As AL's resident (and self-proclaimed) Witch expert and fanatic, I wanted to bring to your attention another view of the Witch Trials. In the 17th century specifically, there was a huge spike in Witch Trials around the world (although this spike would is merely one jump in the timeline of Witch Trials through history). However, most of the ones stories we hear from that time, especially in America, are of the Salem Witch trials, or Witch Trials in the U.K. and Ireland. But, during this time period, there were Witch Trials going on around the world. Keep reading for a little taste of the Spanish Witch Trials - but, be forewarned, there might be more to come!
Like I said above, these specific Spanish Witch Trials took place during the 17th century, but were by no means the only Witch Trials to take place in the country's history. They are known as the Basque Witch Trials and the actual trial specifically began in January of 1609, but it was after 2+ years of serious Witch hunting.
Similarly to other Witch Trials during this time period, and throughout history, they were motivated for religious reasons. These trials were specifically to cater to attacking those who still performed 'Pagan' rituals, especially herbalists, healers, and mid-wives. It is important to note that these sorts of people also had special standing and respect in the community, and thus power, that the new government did not like and that threatened Catholicism. This is one of the main reasons these groups of people were so heavily persecuted. Muslims, Jews, and Protestants were also among the accused.
The Basque word for Witch was "Sorginak", which was also the word for female attendents of the Goddess Mari held a Witches' Sabbath every Friday, these gatherings were called akelarre. Here it was said that Mari and her consort, Sugaar, met in caves to create storms and wreak havoc. More specifically, some of these people had been tried for practicing Witchcraft at Olabidea or Infernuko erreka, which translates to “Hell’s stream.”
Sorginaks, in particular, share some common Witchlore that will be familiar to many. For example, they could shape-shift into cats and it was said that they specifically bothered Catholic women. More unique to Sorginak's was the fact that they practiced most of their magic in caves, particularly the Zugarramurdi cave.
During this time, roughly 7,000 people in the area were accused of Witchcraft. Of these 7,000, a few thousand were deemed guilty in the initial trial, or remained suspects, and continued on to harsher review. The first phase of these trials ended in 1610, when 31 of the accused people were sentenced. Roughly a dozen of the accused were burnt at the stake. However, it is important to note a fair amount of people succumbed to the torture, which is how many confessions were received, and died without being "properly" tried.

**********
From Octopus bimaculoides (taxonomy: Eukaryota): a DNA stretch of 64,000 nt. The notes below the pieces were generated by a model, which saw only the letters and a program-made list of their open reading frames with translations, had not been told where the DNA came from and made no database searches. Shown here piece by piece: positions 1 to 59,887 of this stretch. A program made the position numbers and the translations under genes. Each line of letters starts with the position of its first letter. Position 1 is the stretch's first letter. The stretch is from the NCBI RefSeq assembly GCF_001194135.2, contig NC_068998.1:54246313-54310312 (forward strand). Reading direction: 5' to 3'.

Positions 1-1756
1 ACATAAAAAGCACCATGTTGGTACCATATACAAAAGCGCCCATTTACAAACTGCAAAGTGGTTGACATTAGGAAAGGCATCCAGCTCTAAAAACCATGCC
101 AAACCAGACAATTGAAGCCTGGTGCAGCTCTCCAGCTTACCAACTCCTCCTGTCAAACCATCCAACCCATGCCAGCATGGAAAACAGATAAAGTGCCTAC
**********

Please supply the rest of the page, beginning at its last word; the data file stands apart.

One other interesting thing to note about these trials was the thread of skepticism that moved throughout the trial process and proceedings. The recordings of the trial took up almost 11,000 pages, and it was clear that each of these cases were looked at with a high level of scrutiny. One judge in particular, who was the youngest of the 3 judges and more 'liberal' judge, named Salazar. About the trials in general he believed he had found no substantive proof of witchcraft on his travels, or in the light of pursuing many of the confessions. This, obviously, did not bode well for Salazar. The two other judges, Alonso Becerra y Holquin and Juan del Valle Alvarado, unsurprisingly accused Salazar as being in league with the Devil. However, Salazar stayed true to his belief that not only were many of the accused not Witches, but that Witches didn't exist at all and that no one should be further prosecuted.
This was elevated to the Central Office of the Inquisition, and many in the main office seemed to agree with the younger judge as well. This is likely why, although the huge number of the accused, only about a dozen people were put to death.
The above picture was taken by Flickr user Urko Dorronsoro and is one one of the Witch caves in Basque. It is liscensed under creative commons.